In about another week the black locust trees will bloom for about 8-12 days, a brief period in which we collect and eat them like mad. We have only frozen them with mild success. They lose their charming snap and crunch and become suitable only for adding to cooked recipes like custards and oatmeal after freezing.
Black locust blossoms are best eaten raw out-of-hand, but we still created a few recipes with this fragrant bloom. Our favorite is likely the syrup; mixing it with carbonated water or seltzer makes an awesome soda, and it can be used as a flavored syrup for mixed drinks, with a black locust cluster tucked over the rim of the glass which has been rolled in flavored sugar. The flowers can be ground into sugar to flavor it by using a mortar and pestle, or by pulsing them together in a food processor, but the sugar tends to get clumpy if kept for too long. The syrup can also be poured over shaved ice, or saved and poured over snow in the winter. A simple refreshing drink can be made by infusing the blossoms in water with lemons for a few hours, then filtering the solids out, and serving chilled with a splash of the black locust syrup. We even make a simple wine, by fermenting the blossoms with sugar and yeast, then filtering and racking for a few months for a stunningly clear drink, mildly fragrant and sweet, but that recipe hasn't been written down just yet, we need to test it out a few more times!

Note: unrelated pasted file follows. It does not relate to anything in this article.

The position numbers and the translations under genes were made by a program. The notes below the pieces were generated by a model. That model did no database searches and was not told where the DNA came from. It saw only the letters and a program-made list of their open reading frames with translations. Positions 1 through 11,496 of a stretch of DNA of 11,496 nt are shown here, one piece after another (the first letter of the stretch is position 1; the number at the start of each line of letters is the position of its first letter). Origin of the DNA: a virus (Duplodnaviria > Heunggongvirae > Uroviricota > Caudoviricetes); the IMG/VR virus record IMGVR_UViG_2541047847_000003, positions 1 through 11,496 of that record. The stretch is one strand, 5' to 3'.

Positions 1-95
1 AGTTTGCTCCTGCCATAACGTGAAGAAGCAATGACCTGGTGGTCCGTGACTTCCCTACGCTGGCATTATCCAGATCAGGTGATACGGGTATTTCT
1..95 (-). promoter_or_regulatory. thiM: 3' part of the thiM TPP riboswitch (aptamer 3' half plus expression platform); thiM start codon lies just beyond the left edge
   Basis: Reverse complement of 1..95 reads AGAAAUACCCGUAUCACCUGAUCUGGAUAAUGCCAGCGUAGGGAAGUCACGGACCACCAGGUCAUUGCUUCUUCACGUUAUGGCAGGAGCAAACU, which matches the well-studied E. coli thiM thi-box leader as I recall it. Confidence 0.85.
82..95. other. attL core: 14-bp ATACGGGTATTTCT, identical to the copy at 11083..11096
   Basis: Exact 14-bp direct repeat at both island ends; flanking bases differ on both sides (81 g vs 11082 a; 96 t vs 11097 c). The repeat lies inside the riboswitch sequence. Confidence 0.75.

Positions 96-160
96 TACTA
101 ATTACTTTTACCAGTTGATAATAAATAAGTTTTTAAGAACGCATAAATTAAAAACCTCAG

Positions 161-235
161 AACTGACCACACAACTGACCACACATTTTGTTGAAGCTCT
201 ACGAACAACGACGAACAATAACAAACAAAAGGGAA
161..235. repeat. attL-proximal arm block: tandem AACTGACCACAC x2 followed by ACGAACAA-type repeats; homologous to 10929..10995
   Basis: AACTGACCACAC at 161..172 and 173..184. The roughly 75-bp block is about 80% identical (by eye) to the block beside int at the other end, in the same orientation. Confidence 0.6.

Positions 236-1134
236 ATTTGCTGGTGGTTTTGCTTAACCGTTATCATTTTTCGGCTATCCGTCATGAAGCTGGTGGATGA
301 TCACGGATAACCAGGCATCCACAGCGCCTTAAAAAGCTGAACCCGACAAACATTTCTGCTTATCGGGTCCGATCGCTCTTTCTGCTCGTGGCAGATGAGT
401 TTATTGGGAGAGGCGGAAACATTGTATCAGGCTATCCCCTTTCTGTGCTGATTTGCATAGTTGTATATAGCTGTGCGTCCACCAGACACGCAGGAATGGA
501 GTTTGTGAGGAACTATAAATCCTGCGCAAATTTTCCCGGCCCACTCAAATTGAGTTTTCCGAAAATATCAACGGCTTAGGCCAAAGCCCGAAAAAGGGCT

|Jelly, crystal clear and floral|
|Doughnuts, with a touch of powdered sugar|
|Custard, a Hungarian recipe|